If regarded simplistically, such a statistic might lead to the expectation that only one in five patients seen by an ADHD clinician will have the complication of an anxiety disorder. However, such wishful thinking assumes that there is no interaction between ADHD and anxiety. Comforting as that idea might be to those who would rather have their psychopathology fit neatly into circumscribed boxes, the assumption of no interaction is NOT TRUE, with a vengeance!
For reasons not completely understood, anxiety disorders are much more likely to occur in patients with ADHD than would be expected by chance alone. A survey that assessed over 3000 demographically representative US respondents, aged 18 to 44, found that almost half of the respondents with ADHD also had an anxiety disorder. 2 Using the figure for nationwide prevalence cited above, this finding implies that ADHD patients are around 2 ½ times more likely than the general adult population to have an anxiety disorder.
It is not enough to simply be aware of this increased likelihood. Even if a provider’s primary goal is to treat ADHD, a conscientious clinician will often need to actively manage anxiety disorders. There may be no other clinician available competent to treat psychiatric comorbidities, even those as common as anxiety. Even if there is an additional clinician to treat disorders other than ADHD, a diagnosis of ADHD will affect the approach to management of anxiety. Two interacting psychiatric disorders are best treated by a single clinician who is aware of the complexities involved.
Because no disorder exists in isolation, a clinical history must assess dimensions beyond the target symptoms. Every experienced clinician has witnessed the crucial impact of the social and economic environment on disease course and prognosis. That impact makes a good social history the indispensable component of the initial evaluation. In a similar fashion, the psychiatric history must probe for symptoms beyond or in addition to the identified problem, both because they may influence that problem, and because their effect on the patient may be as significant or even more significant than the “target” disorder.
Even if comorbidities have been stabilized before the patient's ADHD is diagnosed, their effects may be as important as those causing flagrant symptoms. As Steven Pliszka, MD asks (somewhat rhetorically) in his excellent article on the clinical implications of ADHD and anxiety, “Are the two disorders simply additive, each disorder causing separate impairment, or do they alter each other’s course?” 3 If the latter is true, even an anxiety disorder treated so effectively that symptoms are no longer present may have an important effect on a patient's ADHD.
A study of the comorbidity of anxiety and ADHD in children provides some reassurance to clinicians who are anxious about a multiplication of complexity in patients who have both disorders: Jarrett et. al found that children with ADHD and anxiety had the same impairment on a continuous performance test as those without anxiety.4 From this data, Pliszka concludes that clinicians who encounter children with both ADHD and anxiety disorder “should view the disorders as separate, not trying to determine if one is mimicking the other,” at least in terms of their effect on attention.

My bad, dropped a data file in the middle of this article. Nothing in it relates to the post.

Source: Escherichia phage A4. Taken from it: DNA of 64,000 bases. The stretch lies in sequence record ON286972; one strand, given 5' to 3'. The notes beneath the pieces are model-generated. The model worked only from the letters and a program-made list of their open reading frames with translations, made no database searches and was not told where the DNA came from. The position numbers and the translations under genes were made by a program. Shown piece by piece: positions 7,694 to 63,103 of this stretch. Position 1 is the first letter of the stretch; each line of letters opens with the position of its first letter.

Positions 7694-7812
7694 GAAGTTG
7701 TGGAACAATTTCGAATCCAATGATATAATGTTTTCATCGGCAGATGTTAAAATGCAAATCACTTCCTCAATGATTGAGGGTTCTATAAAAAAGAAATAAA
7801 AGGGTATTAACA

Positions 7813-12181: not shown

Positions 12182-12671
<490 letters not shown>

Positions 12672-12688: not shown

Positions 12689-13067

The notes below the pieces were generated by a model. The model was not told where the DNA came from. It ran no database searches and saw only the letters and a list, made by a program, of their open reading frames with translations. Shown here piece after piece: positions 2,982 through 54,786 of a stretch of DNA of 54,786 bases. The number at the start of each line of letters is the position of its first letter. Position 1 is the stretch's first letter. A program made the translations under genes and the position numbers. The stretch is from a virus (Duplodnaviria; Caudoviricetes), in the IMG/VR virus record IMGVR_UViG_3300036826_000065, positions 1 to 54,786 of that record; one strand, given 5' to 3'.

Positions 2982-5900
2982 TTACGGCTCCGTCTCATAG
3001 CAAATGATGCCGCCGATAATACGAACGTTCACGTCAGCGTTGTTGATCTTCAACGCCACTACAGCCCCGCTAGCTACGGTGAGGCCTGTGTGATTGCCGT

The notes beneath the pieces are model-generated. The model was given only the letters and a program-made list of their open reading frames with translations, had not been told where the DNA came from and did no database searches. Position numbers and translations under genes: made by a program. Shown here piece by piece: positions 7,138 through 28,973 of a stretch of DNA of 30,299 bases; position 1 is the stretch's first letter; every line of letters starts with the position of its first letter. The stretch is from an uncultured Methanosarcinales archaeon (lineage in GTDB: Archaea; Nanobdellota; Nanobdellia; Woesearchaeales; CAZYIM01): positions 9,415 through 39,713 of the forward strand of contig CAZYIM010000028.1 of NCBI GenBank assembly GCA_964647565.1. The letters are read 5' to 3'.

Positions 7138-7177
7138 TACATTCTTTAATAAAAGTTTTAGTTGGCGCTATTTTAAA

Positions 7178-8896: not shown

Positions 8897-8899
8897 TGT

On the other hand, certain studies of the interaction of anxiety and attention deficit have yielded counter-intuitive results that illustrate the complexity of the issues involved. A study which compared college students with ADHD to a control group without ADHD (and presumably without anxiety disorders,) found that anxiety increased impulsivity and decreased attentiveness in those with ADHD, but in the controls, anxiety actually improved performance on tasks requiring cognitive ability! 5
Evolutionary logic asserts that anxiety must have an adaptive value. The improved performance in “normal” controls described above is an example of this. The mechanism of this disruptive effect of ADHD on the beneficial aspects of anxiety would shed light on the disorder’s pathophysiology, but it remains to be elucidated.
The classic dilemma of treating comorbidities arises when an effective treatment for disease A worsens comorbid disease B. As Pliszka points out, “there is a common clinical lore that stimulant medication will increase anxiety in those with [ADHD and anxiety].” This supposition was partially tested by Bloch and colleagues. In those studies, to compare ADHD patients and controls, a continuous performance test was administered, with and without methylphenidate, to both groups. The results were gratifying but perhaps not surprising: the medication improved performance in both the ADHD and control groups. The possibly surprising, but reassuring, finding was with regards to anxiety, which was assessed during the testing. Anxiety was not increased by methylphenidate in the control group, and it was actually decreased by methylphenidate in the ADHD group! 6 A separate study confirmed that treating ADHD patients with a stimulant improved their anxiety as well as their ADHD symptoms.7